As the saying goes, if you can’t see it, you can’t be it.
To give girls developing an interest in STEM a close role model to look up to, Girl Geek Academy has developed a series of workshops to get young girls coding together with a close woman in their life, whether it be their mother, aunt, grandparent, neighbour, or friend.
Sarah Moran, CEO of Girl Geek Academy, said the organisation recognised the lack of STEM-based programs that educate both girls and women in the same classroom.
“[W]e know the exponential value of working to build intergenerational STEM knowledge. By bringing women and girls together into one workshop, we are able to create something more vital and long-lasting – an instant role model within their immediate family,” she said.
“By upskilling the women parents and guardians, the girls have a role model in their household who shows confidence and interest in technology, and can work with them on coding games and STEM schoolwork. It could also be an opportunity for the women to explore a new career path option if they wish to cross-skill into this in-demand profession.”
The #MissMakesCode workshops will run around Victoria in January and March, with support from regional women’s health promotion agency Women’s Health East.
They are part of Free From Violence, the Victorian Government’s strategy to prevent family violence and all forms of violence against women.
With advancing gender equality one of Women’s Health East’s key priorities, the workshops will focus on both technical coding skills, as well as discussions around gender equality and cyber safety.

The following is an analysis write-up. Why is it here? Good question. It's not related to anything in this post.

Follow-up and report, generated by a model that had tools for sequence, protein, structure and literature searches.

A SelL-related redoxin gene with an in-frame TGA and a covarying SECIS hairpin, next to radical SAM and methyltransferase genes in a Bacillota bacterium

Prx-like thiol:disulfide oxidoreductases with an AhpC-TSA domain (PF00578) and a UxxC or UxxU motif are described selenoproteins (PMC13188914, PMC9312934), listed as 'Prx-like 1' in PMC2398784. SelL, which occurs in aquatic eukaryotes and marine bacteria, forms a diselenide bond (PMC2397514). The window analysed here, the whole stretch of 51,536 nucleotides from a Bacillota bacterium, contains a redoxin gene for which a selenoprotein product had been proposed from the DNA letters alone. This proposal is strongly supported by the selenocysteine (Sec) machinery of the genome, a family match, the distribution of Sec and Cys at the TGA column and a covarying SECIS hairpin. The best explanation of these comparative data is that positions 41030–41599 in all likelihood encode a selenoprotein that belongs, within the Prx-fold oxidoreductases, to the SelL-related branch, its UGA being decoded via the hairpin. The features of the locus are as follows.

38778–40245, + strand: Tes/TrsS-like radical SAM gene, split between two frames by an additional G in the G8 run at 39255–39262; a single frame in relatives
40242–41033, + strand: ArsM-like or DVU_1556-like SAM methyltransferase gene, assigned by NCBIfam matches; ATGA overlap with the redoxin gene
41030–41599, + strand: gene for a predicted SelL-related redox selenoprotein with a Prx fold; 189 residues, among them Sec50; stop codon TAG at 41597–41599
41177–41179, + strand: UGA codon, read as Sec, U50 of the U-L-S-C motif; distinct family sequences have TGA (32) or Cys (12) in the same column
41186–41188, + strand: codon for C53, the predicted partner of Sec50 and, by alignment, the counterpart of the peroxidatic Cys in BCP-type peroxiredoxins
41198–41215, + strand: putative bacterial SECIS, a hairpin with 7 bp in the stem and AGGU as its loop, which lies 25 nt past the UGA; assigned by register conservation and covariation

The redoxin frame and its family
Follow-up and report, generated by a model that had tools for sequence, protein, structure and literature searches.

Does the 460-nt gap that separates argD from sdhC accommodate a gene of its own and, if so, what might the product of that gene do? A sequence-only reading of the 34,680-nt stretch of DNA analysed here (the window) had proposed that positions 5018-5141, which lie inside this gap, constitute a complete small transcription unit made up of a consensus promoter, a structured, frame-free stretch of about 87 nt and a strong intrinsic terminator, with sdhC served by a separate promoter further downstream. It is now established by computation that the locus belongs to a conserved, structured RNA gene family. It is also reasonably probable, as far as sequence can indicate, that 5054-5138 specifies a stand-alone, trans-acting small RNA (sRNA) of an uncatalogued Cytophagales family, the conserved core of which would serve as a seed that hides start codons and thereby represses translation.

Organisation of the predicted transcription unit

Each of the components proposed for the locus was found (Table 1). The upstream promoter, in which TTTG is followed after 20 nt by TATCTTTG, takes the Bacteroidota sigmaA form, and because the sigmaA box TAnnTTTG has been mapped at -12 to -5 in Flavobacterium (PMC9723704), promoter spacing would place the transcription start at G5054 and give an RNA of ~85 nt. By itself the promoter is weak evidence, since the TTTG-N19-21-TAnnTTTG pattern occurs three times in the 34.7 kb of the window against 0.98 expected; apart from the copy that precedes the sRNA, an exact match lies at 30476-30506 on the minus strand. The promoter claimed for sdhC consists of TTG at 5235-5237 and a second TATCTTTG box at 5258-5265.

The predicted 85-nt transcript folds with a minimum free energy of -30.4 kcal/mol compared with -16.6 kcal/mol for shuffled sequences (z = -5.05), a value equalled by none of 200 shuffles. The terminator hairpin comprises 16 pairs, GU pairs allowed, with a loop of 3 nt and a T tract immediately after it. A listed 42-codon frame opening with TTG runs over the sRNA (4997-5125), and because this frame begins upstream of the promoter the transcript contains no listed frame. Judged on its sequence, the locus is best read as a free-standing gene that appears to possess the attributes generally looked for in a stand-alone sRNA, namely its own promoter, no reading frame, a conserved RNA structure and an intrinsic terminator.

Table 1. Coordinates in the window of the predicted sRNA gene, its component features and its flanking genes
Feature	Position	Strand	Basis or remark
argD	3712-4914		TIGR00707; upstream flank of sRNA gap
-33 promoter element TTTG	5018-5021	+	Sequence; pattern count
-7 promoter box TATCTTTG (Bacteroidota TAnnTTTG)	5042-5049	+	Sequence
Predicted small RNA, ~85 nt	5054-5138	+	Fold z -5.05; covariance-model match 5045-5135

“It’s a privilege to partner with Women’s Health East on this initiative. Studies have shown societies with more gender equality have decreased rates of family violence, because it creates a society based on respect,” Moran said.
“Gender equality affects everyone, men and women, and should be a priority both in the workplace and in the home.”
According to the Australian Institute of Health and Welfare, 25 percent of women have experienced emotional abuse by a current or former cohabiting partner, while one in six women in Australia have been subjected to physical or sexual violence by a current or former cohabiting partner, compared with one in 19 men.
The workshops are just one initiative Girl Geek Academy has on the go.
The organisation late last year partnered with Deloitte Digital and 99designs to launch a week-long work experience program for year 10 students.
The week saw 40 girls from Korowa Anglican Girls School spent a week at OneRoof, a women-centric coworking space in Melbourne’s Southbank. After two days learning from industry experts, they then spent two days building a startup in teams of three before pitching to their classmates.
Image: the Girl Geek Academy team. Source: Supplied.